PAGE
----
The 82-year-old actor and director also talked about Oprah Winfrey, Obama's unfulfilled promise to close the U.S. prison at Guantanamo, the wars in Iraq and Afghanistan and lawyers. At one point, he referenced dismissing Obama and making a change.
"When somebody doesn't do the job, you gotta let 'em go," Eastwood said. The tough-guy actor of "Dirty Harry" fame then drew a finger across his throat.
The Obama campaign shot back afterward by tweeting a photo of the back of the president's chair, with Obama's head peeking over it, along with the line: "This seat's taken."
Romney's wife, Ann, said she appreciates Eastwood's support, even if the actor's monologue isn't earning rave reviews. Ann Romney said she did not know what to expect when Eastwood came on as a warm up act for the evening's speakers.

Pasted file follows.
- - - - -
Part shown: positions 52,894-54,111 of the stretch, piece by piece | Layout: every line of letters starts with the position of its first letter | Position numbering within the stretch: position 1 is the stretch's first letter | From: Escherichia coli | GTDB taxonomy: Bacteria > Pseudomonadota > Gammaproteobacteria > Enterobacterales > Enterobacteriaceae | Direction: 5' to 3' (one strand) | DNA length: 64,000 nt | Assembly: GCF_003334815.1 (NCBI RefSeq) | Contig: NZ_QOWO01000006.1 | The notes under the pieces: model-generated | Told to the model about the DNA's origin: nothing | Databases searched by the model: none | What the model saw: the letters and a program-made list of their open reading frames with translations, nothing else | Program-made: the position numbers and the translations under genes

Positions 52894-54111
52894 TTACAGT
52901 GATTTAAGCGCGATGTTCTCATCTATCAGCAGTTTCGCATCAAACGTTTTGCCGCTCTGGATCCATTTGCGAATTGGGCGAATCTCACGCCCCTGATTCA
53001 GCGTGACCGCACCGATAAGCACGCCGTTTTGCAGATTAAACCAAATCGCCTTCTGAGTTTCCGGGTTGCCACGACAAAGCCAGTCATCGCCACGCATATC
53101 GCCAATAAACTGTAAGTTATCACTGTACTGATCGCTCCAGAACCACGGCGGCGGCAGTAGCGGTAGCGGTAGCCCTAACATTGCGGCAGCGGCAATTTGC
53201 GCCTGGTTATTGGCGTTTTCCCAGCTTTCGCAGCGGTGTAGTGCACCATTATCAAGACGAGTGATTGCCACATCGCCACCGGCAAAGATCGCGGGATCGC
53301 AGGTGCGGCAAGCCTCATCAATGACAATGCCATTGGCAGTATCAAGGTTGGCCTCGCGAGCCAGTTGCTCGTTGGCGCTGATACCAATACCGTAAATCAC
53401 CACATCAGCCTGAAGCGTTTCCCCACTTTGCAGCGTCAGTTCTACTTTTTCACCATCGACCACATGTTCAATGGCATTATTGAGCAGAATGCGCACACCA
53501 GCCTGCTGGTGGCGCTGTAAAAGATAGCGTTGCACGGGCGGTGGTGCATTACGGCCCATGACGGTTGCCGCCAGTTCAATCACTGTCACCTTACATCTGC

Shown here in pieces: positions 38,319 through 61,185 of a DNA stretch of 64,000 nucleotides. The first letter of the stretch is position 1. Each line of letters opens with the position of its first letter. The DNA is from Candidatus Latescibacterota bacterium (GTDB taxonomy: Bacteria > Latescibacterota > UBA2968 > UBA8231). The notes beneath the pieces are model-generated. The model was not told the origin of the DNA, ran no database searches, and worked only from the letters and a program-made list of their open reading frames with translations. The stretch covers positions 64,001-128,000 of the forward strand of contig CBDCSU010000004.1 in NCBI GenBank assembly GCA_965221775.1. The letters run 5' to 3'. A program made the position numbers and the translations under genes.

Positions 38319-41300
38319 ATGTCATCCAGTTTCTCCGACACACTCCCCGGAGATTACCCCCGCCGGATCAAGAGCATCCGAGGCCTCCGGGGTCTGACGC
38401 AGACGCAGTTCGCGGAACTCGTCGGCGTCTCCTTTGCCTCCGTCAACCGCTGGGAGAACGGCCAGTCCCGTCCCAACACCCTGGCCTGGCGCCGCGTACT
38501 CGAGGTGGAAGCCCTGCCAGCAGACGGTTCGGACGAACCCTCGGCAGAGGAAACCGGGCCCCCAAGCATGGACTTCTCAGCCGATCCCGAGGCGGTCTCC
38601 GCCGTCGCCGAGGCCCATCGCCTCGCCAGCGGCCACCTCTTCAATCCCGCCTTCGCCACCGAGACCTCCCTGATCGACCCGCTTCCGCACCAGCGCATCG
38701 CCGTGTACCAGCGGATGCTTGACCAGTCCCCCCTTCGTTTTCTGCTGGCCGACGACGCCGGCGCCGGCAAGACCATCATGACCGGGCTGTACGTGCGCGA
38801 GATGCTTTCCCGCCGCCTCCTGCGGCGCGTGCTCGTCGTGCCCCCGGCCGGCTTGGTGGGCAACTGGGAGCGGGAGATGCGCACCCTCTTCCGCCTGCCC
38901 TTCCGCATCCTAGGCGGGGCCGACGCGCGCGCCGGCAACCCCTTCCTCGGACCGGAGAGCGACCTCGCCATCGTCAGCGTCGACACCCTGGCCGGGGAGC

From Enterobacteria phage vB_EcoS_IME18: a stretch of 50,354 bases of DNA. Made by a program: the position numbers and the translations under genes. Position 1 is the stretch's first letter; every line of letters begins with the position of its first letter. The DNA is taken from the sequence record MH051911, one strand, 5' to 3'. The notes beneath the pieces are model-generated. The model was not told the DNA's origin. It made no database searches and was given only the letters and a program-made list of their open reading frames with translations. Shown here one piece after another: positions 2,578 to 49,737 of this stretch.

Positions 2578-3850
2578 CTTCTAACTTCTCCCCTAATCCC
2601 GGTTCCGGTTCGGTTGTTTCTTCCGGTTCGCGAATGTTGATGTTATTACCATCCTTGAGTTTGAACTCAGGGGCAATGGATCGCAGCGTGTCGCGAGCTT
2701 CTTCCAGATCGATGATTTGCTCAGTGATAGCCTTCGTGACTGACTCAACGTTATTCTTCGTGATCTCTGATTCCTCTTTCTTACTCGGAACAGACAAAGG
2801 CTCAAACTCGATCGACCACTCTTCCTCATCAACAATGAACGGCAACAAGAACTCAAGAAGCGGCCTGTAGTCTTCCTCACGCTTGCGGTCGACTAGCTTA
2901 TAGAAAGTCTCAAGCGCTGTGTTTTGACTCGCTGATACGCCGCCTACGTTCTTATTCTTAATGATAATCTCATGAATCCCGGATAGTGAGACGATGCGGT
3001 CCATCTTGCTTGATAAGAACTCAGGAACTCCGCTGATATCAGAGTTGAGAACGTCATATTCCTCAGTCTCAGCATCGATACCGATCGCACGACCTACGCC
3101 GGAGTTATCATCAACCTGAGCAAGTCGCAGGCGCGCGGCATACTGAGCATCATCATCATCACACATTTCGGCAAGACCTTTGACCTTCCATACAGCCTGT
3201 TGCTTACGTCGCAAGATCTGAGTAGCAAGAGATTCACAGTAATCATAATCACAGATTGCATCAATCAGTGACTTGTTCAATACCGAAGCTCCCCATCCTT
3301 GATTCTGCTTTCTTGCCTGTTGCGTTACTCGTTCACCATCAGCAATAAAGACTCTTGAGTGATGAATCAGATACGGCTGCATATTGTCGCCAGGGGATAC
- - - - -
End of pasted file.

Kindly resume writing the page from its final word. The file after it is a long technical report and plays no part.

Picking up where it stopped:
"He's a unique guy and he did a unique thing last night," she told "CBS This Morning."
Eastwood, a fiscal conservative who takes left-leaning stands on social issues such as gay marriage and environmental protections, made waves with conservatives earlier this year when he starred in a Super Bowl spot for Chrysler, a company that benefited from government support. Eastwood, who endorsed Romney earlier this month at a campaign event in Sun Valley, Idaho, and once served as mayor of Carmel, Calif., defended his appearance in the commercial, noting it had nothing to do with his politics.
Inside the convention, the crowd cheered Eastwood's entrance and shouted his famed catchphrase, "Go ahead, make my day." But backstage, stern-faced Romney aides winced at times as Eastwood's remarks stretched on. After his speech, Romney's camp defended Eastwood.